In addition to the aforementioned effects of macrolides on dampening potentially harmful responses in the setting of acute bacterial infections caused by macrolide-susceptible pathogens, it is noteworthy that these agents have also been reported to inhibit the production of proinflammatory toxins by ostensibly macrolide-resistant pathogens. Notwithstanding the inhibitory effects of macrolides on the production of shiga toxins by E. coli mentioned previously, these agents have also been reported to inhibit the production of pneumolysin by macrolide-resistant strains of the pneumococcus both in vitro and in vivo. In an earlier study, Lagrou et al. reported that exposure of an ermAM-expressing, ribosomal methylase-producing, macrolide-resistant strain of Streptococcus pneumoniae to a sub-MIC concentration of erythromycin prevented the adherence of the bacteria to human nasal respiratory epithelial cells . Although the growth of the bacteria was unaffected, exposure to erythromycin almost completely attenuated the production of pneumolysin, which was the probable cause of interference with bacterial adherence . These findings were confirmed in a later study in which Fukuda et al. reported that both azithromycin and clarithromycin at concentrations of 1–4 μg/mL inhibited the production of pneumolysin by ermB and mefE/A coexpressing, macrolide-resistant strains of the pneumococcus in vitro . Administration of these agents to mice (40–200 mg/kg) experimentally infected with macrolide-resistant pneumococci was found to result in prolonged survival, which was associated with decreased concentrations of pneumolysin in the airways. Similar findings have been described by Anderson et al., who reported that exposure of an ermB-expressing, macrolide-resistant strain of S. pneumoniae to a range of macrolides and macrolide-like agents resulted in significant attenuation of the production of pneumolysin, while amoxicillin, ceftriaxone, ciprofloxacin, doxycycline, and tobramycin were ineffective [23, 24].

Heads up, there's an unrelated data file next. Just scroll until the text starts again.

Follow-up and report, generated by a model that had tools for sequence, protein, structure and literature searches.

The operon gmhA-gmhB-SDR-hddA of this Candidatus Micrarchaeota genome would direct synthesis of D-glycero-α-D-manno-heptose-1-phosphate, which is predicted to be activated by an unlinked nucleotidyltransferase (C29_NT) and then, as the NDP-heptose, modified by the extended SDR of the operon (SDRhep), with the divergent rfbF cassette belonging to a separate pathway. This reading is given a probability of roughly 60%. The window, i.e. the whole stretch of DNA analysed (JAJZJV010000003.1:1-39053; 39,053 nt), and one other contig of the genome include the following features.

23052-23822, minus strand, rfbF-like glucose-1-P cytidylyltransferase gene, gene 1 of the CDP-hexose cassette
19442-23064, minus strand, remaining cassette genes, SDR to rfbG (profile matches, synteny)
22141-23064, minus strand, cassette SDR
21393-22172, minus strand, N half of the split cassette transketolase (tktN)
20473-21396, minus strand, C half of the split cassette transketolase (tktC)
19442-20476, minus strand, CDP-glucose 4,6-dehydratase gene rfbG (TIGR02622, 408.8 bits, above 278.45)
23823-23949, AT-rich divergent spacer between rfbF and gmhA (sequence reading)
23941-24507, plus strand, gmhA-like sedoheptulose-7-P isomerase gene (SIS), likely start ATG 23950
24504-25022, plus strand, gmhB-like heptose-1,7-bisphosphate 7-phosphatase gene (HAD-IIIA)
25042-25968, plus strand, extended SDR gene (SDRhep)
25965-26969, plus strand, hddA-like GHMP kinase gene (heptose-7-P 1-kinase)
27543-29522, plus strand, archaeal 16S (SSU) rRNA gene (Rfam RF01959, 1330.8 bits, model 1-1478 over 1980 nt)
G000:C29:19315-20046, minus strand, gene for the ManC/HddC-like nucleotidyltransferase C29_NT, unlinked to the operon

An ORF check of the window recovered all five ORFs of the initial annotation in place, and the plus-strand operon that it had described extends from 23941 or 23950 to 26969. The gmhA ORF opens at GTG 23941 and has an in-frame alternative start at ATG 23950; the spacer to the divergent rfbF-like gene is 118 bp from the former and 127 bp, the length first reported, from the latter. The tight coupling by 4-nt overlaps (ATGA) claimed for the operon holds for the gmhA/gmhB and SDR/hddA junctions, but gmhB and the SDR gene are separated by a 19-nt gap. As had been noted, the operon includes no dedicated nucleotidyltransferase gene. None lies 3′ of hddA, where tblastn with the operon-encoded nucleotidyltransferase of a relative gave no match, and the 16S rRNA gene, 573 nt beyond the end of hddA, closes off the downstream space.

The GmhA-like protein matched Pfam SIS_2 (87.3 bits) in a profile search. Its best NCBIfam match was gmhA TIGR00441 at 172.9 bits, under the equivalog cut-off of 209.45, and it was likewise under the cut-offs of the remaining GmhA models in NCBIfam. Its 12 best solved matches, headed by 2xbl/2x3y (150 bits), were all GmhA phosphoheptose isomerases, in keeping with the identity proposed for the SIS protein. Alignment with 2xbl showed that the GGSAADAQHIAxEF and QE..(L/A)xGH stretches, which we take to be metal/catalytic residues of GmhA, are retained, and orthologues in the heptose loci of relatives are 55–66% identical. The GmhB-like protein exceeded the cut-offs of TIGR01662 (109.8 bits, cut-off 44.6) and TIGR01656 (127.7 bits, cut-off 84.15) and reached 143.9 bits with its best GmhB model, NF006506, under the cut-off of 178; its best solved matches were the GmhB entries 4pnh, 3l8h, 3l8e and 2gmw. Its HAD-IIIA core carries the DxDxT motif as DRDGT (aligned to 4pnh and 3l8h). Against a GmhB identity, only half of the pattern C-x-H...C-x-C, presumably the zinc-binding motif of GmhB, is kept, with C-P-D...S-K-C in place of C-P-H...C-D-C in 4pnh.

More recently, Cockeran et al. have attempted to identify the molecular basis of the inhibitory effects of macrolides on the production of pneumolysin by macrolide-resistant strains of the pneumococcus . They observed that exposure of 8 different ermB-expressing, macrolide-resistant strains (each with an MIC value of >256 μg/mL) to clarithromycin resulted in significant prolongation of the lag phase of bacterial growth (4.9–12.2 hours in comparison with 1.2–4.9 hours for non-exposed bacteria). Although rapid induction of the ermB gene was evident, according to a 4-fold increase in mRNA within 15 minutes of exposure to the antibiotic, synthesis of ribosomal methylase is probably hindered because of binding of clarithromycin to the peptide exit tunnel of the large ribosomal subunit, blocking peptide chain elongation . The consequence is transient susceptibility due to slow acquisition of the full resistance phenotype.